Last fall when the City Council wrote the budget for 2018, it inserted a proviso on funding for removal and cleanup of unsanctioned homeless encampments. That proviso requires all such funding to be spent in conformance with the Multi-Department Administrative Rule (MDAR) established in January of 2017 that specified the specifics of how cleanups should be carried out.
The proviso also spoke to the unease that some of the Council members feel toward that MDAR, and demanded that the executive branch review it and recommend changes by:
Furthermore, the Council intends that the Executive shall review MDAR 17-01 and FAS 17-01 protocols to improve the unauthorized encampment removal process and reduce harm to unsheltered individuals and provide a report by April 6, 2018, to the Chair of the Human Services and Public Health Committee and Council Central Staff Director. Recommendations for changes to the existing policies, proposing new policies, or legislation should also consider input from the Advisory Committee on Implementation of Rules of Removing Unsanctioned Homeless Encampments and the Office of Civil Rights’ encampment monitoring reports.”
That report was due last Friday. And it now looks like we won’t see it until the end of July.
Continue reading Review of homeless encampment protocols gets stuck in the mud
The ongoing debate over how to handle unsanctioned homeless encampments has become deeply entangled in this year’s budget process, with both sides engaging in a war of words and with competing budget proposals attempting to enforce or modify the encampment removal procedures.
Continue reading War of words over unsanctioned encampment “sweeps” heats up
This afternoon the Seattle Office of Civil Rights (SOCR) issued a report on its monitoring of the city’s removals of unsanctioned homeless encampments between May and September of this year. Their conclusion: the city is complying with the MDAR rules, but problems still persist.
Continue reading Office of Civil Rights report on encampment removals is a mixed bag
Earlier this year, the city issued an update to its protocol for cleaning up unsanctioned homeless encampments. Notably missing from those rules was a formal role for the Office of Civil Rights in monitoring implementation and compliance, as it had been doing last fall when the city was accused of not following its own rules. The Office of Civil Rights stopped its monitoring work in January, but after public outcry the city backtracked and said that it would use the department in an “audit capacity.”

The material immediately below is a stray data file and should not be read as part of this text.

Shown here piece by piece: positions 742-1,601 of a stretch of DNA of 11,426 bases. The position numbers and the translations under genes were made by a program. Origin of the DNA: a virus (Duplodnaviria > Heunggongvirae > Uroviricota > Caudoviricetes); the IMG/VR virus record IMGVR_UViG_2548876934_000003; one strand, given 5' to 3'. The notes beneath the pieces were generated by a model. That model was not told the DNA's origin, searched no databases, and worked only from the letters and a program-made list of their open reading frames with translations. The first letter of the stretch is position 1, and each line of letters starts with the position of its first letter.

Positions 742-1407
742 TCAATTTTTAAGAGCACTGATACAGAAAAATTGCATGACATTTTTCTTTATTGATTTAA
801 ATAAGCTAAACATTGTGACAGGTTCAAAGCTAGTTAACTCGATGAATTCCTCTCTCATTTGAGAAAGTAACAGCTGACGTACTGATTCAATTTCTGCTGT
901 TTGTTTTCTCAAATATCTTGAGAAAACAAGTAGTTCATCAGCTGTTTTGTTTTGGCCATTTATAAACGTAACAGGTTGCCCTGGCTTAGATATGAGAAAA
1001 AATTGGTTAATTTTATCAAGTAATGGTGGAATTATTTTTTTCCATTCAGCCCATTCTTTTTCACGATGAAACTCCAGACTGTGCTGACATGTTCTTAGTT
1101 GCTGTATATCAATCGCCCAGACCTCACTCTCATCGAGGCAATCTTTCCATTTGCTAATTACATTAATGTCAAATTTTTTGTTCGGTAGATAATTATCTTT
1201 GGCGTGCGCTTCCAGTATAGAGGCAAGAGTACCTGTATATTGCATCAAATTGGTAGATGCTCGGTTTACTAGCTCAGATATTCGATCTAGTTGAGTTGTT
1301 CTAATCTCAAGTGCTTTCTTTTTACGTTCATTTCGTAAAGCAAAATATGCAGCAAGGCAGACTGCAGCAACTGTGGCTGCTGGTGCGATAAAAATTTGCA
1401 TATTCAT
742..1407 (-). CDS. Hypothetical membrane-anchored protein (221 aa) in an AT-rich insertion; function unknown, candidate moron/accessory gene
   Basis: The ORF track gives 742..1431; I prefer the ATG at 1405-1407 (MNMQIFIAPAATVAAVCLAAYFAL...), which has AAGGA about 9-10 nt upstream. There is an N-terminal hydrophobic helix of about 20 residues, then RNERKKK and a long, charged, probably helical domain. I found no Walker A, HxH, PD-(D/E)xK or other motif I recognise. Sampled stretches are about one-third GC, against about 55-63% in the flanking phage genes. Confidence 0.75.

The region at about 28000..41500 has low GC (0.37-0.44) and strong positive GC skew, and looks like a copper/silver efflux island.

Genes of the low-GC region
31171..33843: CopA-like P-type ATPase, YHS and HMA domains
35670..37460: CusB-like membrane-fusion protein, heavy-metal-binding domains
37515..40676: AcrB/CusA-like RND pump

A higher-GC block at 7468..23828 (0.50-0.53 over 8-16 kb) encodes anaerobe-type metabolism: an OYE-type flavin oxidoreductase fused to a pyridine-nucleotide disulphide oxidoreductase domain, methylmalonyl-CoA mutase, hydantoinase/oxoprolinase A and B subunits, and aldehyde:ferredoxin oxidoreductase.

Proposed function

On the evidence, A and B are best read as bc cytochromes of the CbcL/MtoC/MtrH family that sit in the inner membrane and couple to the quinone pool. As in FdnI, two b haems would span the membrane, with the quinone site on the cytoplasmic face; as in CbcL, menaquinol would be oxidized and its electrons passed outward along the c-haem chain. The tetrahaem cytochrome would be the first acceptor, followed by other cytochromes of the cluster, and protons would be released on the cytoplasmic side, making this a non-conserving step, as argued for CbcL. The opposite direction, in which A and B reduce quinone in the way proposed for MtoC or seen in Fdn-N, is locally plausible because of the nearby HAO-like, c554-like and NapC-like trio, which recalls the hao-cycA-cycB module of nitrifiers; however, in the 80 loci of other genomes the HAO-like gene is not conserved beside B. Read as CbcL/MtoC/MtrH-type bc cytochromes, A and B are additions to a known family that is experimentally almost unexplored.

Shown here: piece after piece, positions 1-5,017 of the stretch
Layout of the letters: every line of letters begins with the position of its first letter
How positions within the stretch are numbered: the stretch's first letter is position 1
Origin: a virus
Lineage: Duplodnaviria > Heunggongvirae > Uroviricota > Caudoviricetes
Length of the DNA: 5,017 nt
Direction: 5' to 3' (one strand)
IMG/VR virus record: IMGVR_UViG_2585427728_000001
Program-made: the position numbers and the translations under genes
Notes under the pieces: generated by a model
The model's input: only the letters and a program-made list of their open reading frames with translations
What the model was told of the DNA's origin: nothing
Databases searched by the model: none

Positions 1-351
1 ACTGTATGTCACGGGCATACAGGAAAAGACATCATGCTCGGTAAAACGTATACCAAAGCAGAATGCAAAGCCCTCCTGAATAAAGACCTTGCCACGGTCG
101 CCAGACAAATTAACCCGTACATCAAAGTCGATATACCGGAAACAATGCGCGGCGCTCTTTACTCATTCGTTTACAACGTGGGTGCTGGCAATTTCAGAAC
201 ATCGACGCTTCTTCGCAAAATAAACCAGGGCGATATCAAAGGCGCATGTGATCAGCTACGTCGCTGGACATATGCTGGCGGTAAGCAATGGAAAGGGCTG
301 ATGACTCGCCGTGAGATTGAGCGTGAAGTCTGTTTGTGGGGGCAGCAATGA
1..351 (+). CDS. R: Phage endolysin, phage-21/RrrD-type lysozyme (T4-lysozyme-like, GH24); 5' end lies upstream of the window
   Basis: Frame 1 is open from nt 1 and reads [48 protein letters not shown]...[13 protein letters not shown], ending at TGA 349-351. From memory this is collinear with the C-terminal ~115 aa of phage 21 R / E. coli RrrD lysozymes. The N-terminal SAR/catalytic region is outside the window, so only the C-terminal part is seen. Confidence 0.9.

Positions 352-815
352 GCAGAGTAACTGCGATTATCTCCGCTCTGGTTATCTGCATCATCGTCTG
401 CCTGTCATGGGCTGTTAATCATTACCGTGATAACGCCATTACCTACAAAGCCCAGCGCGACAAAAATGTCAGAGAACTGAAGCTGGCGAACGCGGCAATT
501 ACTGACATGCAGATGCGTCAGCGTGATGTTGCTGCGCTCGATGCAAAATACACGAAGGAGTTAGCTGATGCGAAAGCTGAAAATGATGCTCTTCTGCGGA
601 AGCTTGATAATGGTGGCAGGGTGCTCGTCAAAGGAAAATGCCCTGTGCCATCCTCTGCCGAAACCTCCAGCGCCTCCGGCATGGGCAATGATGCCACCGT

Last month, three city departments quietly signed a Memorandum of Agreement re-establishing a formal monitoring role.
Continue reading Office of Civil Rights once again monitoring homeless encampment cleanups
This afternoon U.S. District Court Chief Judge Ricardo Martinez issued an order denying the ACLU a temporary restraining order (TRO) to stop WSDOT and the City of Seattle from seizing and destroying personal property without due process in cleaning up unsanctioned homeless encampments in Seattle.
Continue reading Judge denies ACLU’s motion for temporary restraining order on sweeps
Chris Hansen’s surprise announcement yesterday dominates the news this morning.
Continue reading News roundup: the SODO arena roars back
With the Council heads-down on the budget (me too), there isn’t much news this Friday morning.
Continue reading News roundup: a quiet Friday
Yesterday’s vote on the move-in fees cap headlines the morning news.
Continue reading News roundup: move-in fees, and more
I’ve been scratching my head all afternoon and evening trying to figure out how to write something coherent about what was fundamentally an incoherent, chaotic meeting of the Human Services and Public Health Committee this morning to discuss the pending homeless encampment legislation.
I’m going to give a quick rundown on what happened (ok, maybe not so quick) then share some thoughts and observations.
Continue reading Homeless encampments meeting enters bizarro world
There’s only one thing being talked about in the local media today, and you know what it is.
Continue reading News roundup: a one-topic day